Close up of people's hands as they work on a design sprint

Design Sprints


Five phases to de-risk and kickstart product ideas

Design Sprints are a proven method to jumpstart a new product, project, or feature. They can be completed in few days or up to two weeks. The five phases will guide your team to:

  1. Define the right problem

    Getting a deeper understanding of your challenge’s root causes with context of your business will help pinpoint the exact problem to rally around.

  2. Create a potential solution

    Rapidfire brainstorming will produce a lot of exciting and viable ideas. Your team will select one that has the most promise to create impact on your product.

  3. Test to validate or invalidate the idea

    Validating your product concept increases speed to market and lowers chance of failure.

Design sprint materials on a table

Outputs that drive outcomes

The most common outputs of Design Sprints are hypotheses that are either validated or invalidated through testing your low-fidelity prototype. Design Sprints can produce other assets besides low-fidelity prototypes depending on the proposed solution to your problem.

People working on a design sprint

Invaluable intangibles

Design Sprint results go beyond prototypes and user testing feedback. You’ll create vision-led goals and align your team around those goals as a by-product of the five phases. Your perspective will change in how you work, see your customers, and create future products. We’ll guide you through that process each step of the way.

When we started the Design Sprint process, I was worried how this was going to turn out. But after the second session, I trust you guys completely. I know your team ‘gets’ us and what we’re trying to do. We’re now on a different course than we planned at the outset, but it’s exactly what our company needs right now.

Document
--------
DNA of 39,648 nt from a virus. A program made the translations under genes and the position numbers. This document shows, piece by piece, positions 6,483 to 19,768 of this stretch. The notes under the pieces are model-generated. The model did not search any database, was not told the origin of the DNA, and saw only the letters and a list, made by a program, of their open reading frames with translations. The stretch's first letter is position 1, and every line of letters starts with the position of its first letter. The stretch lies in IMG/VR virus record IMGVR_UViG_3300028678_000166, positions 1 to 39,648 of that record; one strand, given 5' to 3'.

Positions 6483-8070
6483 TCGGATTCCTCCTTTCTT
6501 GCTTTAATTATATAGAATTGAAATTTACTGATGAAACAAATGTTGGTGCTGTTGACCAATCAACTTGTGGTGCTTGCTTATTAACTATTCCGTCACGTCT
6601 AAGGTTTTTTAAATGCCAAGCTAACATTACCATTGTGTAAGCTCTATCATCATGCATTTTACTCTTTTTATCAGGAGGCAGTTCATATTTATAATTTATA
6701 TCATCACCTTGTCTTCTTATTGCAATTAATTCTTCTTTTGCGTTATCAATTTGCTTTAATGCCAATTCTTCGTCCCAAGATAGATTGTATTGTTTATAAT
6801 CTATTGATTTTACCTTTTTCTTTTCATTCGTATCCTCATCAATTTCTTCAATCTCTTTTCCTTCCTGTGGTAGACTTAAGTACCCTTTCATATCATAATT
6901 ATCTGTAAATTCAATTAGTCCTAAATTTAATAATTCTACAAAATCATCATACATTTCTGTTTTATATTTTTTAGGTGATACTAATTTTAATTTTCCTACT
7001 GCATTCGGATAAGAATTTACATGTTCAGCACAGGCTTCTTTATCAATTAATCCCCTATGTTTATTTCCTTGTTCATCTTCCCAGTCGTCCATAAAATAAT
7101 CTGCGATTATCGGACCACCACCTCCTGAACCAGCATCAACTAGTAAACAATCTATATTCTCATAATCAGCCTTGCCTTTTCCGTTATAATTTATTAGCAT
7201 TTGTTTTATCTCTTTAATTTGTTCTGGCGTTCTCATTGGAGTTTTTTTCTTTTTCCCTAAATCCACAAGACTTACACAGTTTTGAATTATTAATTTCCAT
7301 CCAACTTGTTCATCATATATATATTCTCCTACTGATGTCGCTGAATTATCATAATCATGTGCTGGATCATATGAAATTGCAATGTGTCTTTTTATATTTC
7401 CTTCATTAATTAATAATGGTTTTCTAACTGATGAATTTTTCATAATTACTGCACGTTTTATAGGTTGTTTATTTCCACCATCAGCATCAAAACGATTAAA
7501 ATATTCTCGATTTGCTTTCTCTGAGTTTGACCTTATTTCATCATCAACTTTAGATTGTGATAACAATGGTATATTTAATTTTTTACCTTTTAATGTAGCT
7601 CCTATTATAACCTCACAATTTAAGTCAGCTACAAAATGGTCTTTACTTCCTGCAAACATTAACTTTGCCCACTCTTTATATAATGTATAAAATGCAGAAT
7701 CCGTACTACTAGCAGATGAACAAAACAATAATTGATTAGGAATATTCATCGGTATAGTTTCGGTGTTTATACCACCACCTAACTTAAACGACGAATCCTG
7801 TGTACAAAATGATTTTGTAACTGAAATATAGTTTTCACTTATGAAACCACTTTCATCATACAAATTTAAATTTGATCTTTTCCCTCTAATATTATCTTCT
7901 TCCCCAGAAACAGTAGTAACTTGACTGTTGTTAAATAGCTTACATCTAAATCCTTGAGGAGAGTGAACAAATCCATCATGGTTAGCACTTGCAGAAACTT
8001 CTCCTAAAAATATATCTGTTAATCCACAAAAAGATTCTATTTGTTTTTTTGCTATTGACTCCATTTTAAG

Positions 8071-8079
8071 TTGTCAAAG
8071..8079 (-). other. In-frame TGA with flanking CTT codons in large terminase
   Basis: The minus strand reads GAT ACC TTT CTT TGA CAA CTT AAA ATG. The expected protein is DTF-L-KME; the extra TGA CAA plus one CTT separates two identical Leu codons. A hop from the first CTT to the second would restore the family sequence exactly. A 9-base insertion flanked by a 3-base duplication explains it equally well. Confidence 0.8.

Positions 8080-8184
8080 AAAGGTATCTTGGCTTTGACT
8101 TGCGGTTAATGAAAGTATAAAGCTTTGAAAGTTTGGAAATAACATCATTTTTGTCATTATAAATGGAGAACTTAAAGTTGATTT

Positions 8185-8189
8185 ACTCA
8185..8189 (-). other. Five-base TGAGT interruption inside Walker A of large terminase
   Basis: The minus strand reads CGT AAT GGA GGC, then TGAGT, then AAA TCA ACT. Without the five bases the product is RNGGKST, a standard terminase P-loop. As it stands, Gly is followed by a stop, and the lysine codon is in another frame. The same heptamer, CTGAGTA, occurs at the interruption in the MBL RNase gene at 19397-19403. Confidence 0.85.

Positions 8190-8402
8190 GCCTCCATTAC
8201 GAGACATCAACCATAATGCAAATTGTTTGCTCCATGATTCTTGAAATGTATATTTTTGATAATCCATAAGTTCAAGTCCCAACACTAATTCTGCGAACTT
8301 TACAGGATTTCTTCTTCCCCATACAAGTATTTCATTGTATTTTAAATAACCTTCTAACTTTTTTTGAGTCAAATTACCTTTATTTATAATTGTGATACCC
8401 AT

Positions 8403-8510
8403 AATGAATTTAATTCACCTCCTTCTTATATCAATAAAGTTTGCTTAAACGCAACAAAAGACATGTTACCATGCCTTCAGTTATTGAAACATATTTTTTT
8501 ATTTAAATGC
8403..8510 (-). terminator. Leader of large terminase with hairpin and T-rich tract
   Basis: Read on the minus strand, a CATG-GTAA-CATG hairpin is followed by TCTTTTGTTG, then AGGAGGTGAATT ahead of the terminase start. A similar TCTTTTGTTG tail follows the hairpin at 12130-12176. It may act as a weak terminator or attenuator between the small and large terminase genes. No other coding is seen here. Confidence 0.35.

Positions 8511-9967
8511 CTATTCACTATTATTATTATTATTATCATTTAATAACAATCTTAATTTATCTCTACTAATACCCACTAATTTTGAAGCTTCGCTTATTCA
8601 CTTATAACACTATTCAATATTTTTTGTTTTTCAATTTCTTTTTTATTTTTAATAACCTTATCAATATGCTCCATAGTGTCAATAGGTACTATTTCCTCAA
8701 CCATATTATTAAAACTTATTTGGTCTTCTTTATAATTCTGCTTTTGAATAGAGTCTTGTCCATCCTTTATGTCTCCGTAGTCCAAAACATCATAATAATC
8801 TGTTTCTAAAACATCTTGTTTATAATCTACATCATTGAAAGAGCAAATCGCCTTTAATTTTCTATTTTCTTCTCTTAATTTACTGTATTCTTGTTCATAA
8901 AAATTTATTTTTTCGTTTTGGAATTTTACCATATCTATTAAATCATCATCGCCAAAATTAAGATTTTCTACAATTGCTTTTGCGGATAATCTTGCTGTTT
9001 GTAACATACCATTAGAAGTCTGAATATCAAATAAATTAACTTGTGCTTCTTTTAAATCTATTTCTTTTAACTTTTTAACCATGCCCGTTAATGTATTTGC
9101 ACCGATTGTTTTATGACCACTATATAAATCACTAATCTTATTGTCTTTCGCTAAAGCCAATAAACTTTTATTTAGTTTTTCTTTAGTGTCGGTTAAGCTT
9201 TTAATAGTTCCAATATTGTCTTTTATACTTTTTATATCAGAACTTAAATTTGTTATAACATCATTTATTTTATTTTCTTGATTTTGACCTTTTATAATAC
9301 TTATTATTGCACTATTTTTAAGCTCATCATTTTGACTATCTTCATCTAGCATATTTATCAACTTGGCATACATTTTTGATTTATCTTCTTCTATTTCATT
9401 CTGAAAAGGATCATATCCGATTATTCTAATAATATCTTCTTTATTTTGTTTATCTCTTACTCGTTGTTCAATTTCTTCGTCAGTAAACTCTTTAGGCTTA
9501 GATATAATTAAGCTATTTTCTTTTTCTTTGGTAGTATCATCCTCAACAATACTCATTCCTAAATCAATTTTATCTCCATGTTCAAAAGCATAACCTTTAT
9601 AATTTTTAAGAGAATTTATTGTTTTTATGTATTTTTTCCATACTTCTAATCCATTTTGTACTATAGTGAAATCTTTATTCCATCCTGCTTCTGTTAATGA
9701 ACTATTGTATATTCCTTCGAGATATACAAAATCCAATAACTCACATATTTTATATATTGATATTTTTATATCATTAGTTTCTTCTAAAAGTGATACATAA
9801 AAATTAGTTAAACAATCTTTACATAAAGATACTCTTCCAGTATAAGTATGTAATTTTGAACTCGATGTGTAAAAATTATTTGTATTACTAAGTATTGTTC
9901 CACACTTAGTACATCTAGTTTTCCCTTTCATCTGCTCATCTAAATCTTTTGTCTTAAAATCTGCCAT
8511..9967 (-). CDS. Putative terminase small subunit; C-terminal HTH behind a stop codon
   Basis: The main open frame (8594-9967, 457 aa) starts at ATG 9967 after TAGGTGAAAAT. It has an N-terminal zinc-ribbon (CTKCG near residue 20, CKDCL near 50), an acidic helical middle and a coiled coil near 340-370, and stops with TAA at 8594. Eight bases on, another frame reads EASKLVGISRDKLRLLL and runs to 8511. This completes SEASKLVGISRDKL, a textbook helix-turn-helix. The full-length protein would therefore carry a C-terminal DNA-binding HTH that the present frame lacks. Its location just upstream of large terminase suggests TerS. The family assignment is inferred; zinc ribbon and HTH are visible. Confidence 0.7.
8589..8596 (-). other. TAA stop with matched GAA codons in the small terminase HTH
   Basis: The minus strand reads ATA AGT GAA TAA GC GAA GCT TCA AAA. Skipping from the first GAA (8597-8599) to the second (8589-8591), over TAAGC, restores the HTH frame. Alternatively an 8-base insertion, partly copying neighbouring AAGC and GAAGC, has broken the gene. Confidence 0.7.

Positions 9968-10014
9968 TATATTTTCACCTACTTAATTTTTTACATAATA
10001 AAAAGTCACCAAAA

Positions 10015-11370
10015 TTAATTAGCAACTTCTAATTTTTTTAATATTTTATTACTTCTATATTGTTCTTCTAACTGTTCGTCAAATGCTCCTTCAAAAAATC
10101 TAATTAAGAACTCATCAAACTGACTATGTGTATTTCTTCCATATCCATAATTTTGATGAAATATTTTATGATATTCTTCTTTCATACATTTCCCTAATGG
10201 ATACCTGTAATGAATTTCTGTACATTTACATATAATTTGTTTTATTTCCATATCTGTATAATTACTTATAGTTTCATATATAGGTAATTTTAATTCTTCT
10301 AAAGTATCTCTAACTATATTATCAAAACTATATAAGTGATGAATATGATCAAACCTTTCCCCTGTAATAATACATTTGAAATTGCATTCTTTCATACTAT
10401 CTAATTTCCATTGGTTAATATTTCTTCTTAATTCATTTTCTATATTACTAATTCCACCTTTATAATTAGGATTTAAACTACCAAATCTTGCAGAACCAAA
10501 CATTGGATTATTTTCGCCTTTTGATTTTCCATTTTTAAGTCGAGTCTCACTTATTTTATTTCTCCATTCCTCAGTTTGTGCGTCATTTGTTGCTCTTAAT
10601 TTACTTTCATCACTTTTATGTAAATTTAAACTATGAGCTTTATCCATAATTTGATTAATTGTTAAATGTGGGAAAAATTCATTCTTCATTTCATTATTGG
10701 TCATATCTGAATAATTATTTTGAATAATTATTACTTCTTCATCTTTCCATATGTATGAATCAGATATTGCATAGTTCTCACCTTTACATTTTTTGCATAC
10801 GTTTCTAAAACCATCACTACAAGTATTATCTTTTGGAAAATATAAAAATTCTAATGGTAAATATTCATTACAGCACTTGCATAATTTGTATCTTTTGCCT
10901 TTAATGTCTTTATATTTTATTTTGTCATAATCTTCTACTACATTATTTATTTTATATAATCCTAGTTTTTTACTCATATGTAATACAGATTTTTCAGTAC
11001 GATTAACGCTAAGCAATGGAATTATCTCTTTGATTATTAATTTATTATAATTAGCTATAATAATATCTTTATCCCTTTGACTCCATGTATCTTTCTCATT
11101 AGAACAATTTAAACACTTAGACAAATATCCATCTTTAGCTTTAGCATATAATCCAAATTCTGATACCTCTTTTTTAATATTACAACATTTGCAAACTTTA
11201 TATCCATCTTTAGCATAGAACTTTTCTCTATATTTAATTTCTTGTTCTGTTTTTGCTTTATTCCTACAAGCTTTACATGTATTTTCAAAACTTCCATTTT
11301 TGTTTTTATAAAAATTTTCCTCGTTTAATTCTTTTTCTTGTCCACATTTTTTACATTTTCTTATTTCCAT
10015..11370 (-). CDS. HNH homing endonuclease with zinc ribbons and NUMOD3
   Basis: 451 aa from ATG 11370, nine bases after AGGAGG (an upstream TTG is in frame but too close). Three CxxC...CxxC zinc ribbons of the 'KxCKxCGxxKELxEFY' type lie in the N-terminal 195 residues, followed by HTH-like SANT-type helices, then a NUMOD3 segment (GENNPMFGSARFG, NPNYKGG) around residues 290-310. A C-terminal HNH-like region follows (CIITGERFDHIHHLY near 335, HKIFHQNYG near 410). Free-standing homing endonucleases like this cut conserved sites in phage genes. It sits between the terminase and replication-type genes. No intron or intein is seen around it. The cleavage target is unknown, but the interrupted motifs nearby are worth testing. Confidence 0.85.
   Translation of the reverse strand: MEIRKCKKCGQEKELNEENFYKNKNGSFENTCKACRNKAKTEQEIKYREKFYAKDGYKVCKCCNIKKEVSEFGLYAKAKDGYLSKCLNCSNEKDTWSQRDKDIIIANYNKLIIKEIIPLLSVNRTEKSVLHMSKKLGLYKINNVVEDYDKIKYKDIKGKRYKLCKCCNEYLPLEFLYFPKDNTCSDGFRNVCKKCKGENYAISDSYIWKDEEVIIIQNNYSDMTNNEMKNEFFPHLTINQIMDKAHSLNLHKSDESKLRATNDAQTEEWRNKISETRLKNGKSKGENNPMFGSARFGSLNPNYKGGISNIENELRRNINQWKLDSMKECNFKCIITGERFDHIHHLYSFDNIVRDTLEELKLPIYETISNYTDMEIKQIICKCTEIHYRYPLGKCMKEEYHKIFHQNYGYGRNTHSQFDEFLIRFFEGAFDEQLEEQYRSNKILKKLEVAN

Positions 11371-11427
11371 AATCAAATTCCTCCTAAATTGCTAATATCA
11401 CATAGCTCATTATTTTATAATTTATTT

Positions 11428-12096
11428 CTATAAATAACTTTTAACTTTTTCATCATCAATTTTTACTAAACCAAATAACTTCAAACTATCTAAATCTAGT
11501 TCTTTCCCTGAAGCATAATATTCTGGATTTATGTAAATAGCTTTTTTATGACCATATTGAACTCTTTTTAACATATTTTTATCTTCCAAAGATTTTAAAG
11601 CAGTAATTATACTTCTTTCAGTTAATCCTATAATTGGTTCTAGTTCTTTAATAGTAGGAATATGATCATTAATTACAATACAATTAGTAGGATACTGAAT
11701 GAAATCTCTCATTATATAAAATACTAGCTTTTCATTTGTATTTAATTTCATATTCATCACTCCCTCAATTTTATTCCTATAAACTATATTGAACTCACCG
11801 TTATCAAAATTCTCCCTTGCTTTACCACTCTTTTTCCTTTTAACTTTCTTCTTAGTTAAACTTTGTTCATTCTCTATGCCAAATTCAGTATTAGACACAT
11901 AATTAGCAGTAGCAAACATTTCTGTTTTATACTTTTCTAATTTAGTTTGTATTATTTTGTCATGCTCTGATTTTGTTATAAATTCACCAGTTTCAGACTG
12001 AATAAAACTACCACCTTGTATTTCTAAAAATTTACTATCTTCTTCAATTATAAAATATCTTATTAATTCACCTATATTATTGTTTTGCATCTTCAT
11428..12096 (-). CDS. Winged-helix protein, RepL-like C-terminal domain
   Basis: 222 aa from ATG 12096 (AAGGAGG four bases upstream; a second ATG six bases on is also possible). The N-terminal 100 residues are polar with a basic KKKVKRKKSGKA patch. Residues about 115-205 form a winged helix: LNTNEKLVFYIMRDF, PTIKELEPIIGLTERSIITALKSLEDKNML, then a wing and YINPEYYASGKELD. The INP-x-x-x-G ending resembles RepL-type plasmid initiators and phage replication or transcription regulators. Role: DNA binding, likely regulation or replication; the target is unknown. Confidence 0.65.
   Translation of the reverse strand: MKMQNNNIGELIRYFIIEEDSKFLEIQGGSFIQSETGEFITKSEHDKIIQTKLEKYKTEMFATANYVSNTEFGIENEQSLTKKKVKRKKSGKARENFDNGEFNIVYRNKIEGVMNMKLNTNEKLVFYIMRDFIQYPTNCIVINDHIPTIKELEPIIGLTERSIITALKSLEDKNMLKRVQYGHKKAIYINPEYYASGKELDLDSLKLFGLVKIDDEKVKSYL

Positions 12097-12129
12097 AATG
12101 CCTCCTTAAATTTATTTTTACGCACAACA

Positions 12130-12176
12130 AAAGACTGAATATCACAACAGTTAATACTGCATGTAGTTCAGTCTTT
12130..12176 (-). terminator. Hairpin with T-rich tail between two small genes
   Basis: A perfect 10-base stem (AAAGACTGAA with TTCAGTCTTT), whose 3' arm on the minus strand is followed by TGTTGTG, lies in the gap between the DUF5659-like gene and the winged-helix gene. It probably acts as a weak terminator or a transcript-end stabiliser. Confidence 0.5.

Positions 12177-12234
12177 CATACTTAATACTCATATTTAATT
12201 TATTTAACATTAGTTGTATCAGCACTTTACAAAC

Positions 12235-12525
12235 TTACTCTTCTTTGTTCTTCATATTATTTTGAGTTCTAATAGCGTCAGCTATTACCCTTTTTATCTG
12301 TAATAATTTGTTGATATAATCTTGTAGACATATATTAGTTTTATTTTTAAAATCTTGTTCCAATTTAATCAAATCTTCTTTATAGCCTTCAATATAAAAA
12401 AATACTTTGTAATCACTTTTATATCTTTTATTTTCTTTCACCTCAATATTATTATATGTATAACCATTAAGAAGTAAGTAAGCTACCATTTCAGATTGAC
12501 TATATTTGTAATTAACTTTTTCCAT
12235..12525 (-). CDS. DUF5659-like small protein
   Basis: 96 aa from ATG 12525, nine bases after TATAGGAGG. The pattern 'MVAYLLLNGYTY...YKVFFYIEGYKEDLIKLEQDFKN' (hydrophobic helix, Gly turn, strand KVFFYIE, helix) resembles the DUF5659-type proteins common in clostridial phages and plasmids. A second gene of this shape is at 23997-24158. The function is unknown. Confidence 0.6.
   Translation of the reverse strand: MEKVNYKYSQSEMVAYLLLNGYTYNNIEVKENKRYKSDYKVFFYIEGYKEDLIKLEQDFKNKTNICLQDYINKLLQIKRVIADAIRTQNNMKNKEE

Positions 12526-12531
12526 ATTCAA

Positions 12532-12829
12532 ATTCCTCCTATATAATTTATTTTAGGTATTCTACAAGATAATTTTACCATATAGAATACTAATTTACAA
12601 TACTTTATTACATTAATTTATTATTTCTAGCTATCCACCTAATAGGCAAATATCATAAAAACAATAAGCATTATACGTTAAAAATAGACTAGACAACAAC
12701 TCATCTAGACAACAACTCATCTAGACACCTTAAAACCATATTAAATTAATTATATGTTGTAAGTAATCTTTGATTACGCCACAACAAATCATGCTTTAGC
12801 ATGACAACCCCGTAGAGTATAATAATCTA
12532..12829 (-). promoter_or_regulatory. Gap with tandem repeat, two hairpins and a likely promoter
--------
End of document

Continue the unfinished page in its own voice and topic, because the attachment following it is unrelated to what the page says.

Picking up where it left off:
Doug Mitchell, CEO Of OfferLogic
A team working on a design sprint

The five phases of Design Sprints

  1. Understand

    Our teams will work together to define the customer, the user and their problems. Relevant business context and any past research your team done is important information for this phase.

  2. Diverge

    Together, we’ll explore the range of possible solutions now that we’ve clearly defined the customer and their problem. It’s more than brainstorming, it’s about generating as many ideas as possible.

  3. Converge

    As a group, we’ll collaborate to narrow down solutions from the Diverge phase to pick one to prototype and test with customers. There will be differing opinions, but in this case conflict is good. It will help align the team and choose the best idea to move with going forward.

  4. Prototype

    We’ll build a low-fidelity prototype to test with customers. It will not be perfect but that’s okay. Remember, Design Sprints are more about validating (or invalidating) a concept more than about creating a prototype.

  5. Test

    Tapping into your users or customers, our collective teams test the prototype to get feedback you need to validate or invalidate your idea. If you’re successful, this feedback will be helpful in creating your final product.

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Product Hero Talin Wadsworth

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